The European Commission published on April 3rd a Q&A document on medical, implantable active and in vitro diagnostic medical devices to address the emergency situation the medical devices industry is undergoing on a global scale.
This document, as clarified in its text, is of general nature, not comprehensive and does not serve as legal guidance over Council directives 90/385/EEC, 93/42/EEC and 98/79/EC, rather it is meant to guide on the application of the directives themselves.
The Q&A addresses first the definition of each category of devices (medical implantable active and in vitro diagnostic), with particular focus on the concerned provisions in the applicable directives.
Legal requirements under each directive are examined while drawing a distinction between the different level of risk medical devices may pose to human health.
Standards are also considered, both in the Q&A itself and in its Annex 1 and Annex 2, that respectively list all the EU harmonized standards that medical devices manufacturers may choose to use in order to benefit from a presumption of conformity to requirements and the standards recognized by the IMDRF (International Medical Device Regulators Forum).
The document clarifies that the Covid-19 sanitary emergency can be considered as a justified circumstance for the purpose of activating a derogation clause from the directives, that would allow manufacturers to place devices on the market within the territory of the EU Member States for which the conformity assessment procedures may not be perfectly aligned with the requirements.
The grounds for granting such derogations have to be evaluated at national level from the Member State’s competent authorities concerned, that will have to take in consideration the following elements:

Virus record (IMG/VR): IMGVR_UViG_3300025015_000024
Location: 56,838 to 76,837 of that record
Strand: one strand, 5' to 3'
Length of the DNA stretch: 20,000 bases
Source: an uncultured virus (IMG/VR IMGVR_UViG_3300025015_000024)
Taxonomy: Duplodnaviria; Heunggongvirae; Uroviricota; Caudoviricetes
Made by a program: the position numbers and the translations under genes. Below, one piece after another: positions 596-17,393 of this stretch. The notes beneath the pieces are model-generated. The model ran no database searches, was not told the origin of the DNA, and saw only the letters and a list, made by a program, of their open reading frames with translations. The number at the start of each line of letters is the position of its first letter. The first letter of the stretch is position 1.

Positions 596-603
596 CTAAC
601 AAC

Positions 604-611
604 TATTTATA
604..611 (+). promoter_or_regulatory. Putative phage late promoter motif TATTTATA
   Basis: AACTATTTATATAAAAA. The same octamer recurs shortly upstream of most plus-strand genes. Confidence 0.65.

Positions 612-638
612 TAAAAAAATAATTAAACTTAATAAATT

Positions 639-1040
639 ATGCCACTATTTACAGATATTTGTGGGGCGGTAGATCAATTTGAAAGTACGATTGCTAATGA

1. the degree of criticality of the use of the device for the protection of health;
2. availability of suitable substitutes;
3. documentation of compliance with a harmonised standard or other specific technical solutions ensuring fulfilment of the applicable essential requirements laid down in the relevant Directive;
4. review of reports of tests performed by competent bodies;
5. indications from vigilance and/or market surveillance.
Nevertheless, in spite of any derogation eventually granted, registration obligations of devices and the obligation to appoint a European Authorized Representative for extra-EU manufacturers still stands.
Off label use of medical devices is finally addressed. When off label use of any medical device is deemed strictly necessary, a thorough assessment should be carried out in light of any possible risk posed to the patient’s health. While carrying out this assessment, the following factors should be taken into consideration:
- a documented risk assessment on the use of the device
- consideration of ethical and legal implications
- implementation of suitable precautions to minimise the risk
- reviewing the risk assessment at suitable periods
- obtaining approval from the national competent authorities when required.
Francesca Zuccarello Cimino
If you wish to know more about EU regulation on medical devices and on how to ensure compliance for your devices to safely ship them to the EU to help in the fight against Covid-19, please do not hesitate to contact us. Obelis Expert Consultants, having nearly 30 years of experiencewith EU legislation, will gladly answer any question you may have and assist you with your products’ compliance.